Many people don’t have adequate access to housing or medical care, and the ability to isolate for protection from COVID-19 is nearly non-existent, according to HollieWebb, a supervising attorney at Al Otro Lado, an organisation that provides legal and humanitarian support to asylum seekers and migrants in Tijuana, Mexico.
Other Haitians have been living in Tijuana, just across the border from San Diego, since as early as 2016 ... A December report by Refugees International that surveyed Haitian migrants in Tijuana found that they were targets for criminals, and had a hard time accessing basic services and finding stable work due to racism and a lack of legal status.
The changing dynamic has to do with the reversal of the legal fortunes of abortion rights on both sides of the border and the expertise of Mexican activists in helping women overcome legal and social barriers ...Lira, part of the Tijuana advocacy collective called Feminist Accompaniment - Tijuana SafeAbortionNetwork.
The changing dynamic has to do with the reversal of the legal fortunes of abortion rights on both sides of the border and the expertise of Mexican activists in helping women overcome legal and social barriers.READ MORE ...Lira, part of the Tijuana advocacy collective called Feminist Accompaniment – Tijuana SafeAbortionNetwork.
(CLINIC), a nonprofit that provides legal aid to immigrants ...Al Otro Lado, a nonprofit legal and humanitarian aid organization based in Southern California and Tijuana, says so far in 2021, it has paid nearly $38,500 in direct support while aiding the return of 31 parents.
Using CrossBorder Xpress at TijuanaInternational Airport. Thomas Pallini/Insider Tijuana International Airport directly connects with the US through a private border crossing called Cross Border Xpress ... I put Cross Border Xpress to the test by flying from New York to Tijuana and immediately crossing back into the US.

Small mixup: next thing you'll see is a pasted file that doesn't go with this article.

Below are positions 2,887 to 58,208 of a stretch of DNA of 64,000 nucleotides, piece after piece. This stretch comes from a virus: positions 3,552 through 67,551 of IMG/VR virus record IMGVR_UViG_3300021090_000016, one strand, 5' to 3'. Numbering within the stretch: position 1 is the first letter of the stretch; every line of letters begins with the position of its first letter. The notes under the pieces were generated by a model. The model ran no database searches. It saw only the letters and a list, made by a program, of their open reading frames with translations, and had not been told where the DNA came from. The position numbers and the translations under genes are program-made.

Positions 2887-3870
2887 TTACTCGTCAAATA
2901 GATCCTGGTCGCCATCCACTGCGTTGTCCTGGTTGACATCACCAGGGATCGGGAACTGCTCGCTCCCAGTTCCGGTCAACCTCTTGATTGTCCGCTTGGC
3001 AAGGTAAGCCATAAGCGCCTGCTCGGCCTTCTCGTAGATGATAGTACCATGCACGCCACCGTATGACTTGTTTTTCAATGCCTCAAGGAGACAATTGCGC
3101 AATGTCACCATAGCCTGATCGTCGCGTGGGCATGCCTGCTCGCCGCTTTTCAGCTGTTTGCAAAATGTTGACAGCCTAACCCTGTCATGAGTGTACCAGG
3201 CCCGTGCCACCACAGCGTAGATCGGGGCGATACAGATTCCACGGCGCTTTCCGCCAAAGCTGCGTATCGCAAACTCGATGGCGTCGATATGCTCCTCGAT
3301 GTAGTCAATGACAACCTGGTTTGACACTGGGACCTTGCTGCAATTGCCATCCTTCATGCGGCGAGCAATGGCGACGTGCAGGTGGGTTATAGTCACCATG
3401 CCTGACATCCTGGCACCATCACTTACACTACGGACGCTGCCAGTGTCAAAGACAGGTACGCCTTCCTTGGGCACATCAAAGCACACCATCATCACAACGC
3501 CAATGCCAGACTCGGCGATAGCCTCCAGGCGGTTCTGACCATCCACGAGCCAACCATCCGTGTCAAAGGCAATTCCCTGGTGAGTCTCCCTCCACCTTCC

Now it is also the day that RobertVivar — an activist who worked to support deported veterans after his own deportation to Tijuana — was allowed to come home... And Shikman and Lee convinced the Board of Immigration Appeals to undo Vivar’s deportation order and restore his status as a legal permanent resident.
SAN DIEGO — When Carlitos, a 2-year-old boy from Guatemala, was finally allowed to enter the United States from Tijuana, it was in an ambulance ... Most parole requests, according to Webb, who works for Al Otro Lado, a legal services nonprofit that supports migrants in Tijuana, are either left pending indefinitely or denied with little explanation.
When Carlitos, a 2-year-old boy from Guatemala, was finally allowed to enter the United States from Tijuana, it was in an ambulance ... Most parole requests, according to Webb, who works for Al Otro Lado, a legal services nonprofit that supports migrants in Tijuana, are either left pending indefinitely or denied with little explanation.
"It's already worse than I could have ever imagined, so I guess it's going to keep getting worse the more people they send here," said Erika Pinheiro, litigation and policy director for Al Otro Lado, a legal services nonprofit based in Tijuana that supports asylum seekers.
“Anytime you are imposing an expedited process, you run the risk that people’s due process rights will be infringed upon,” said Nicole Ramos, who works with asylum seekers in Tijuana, Mexico, as part of the legal aid group Al Otro Lado’s Border Rights Project.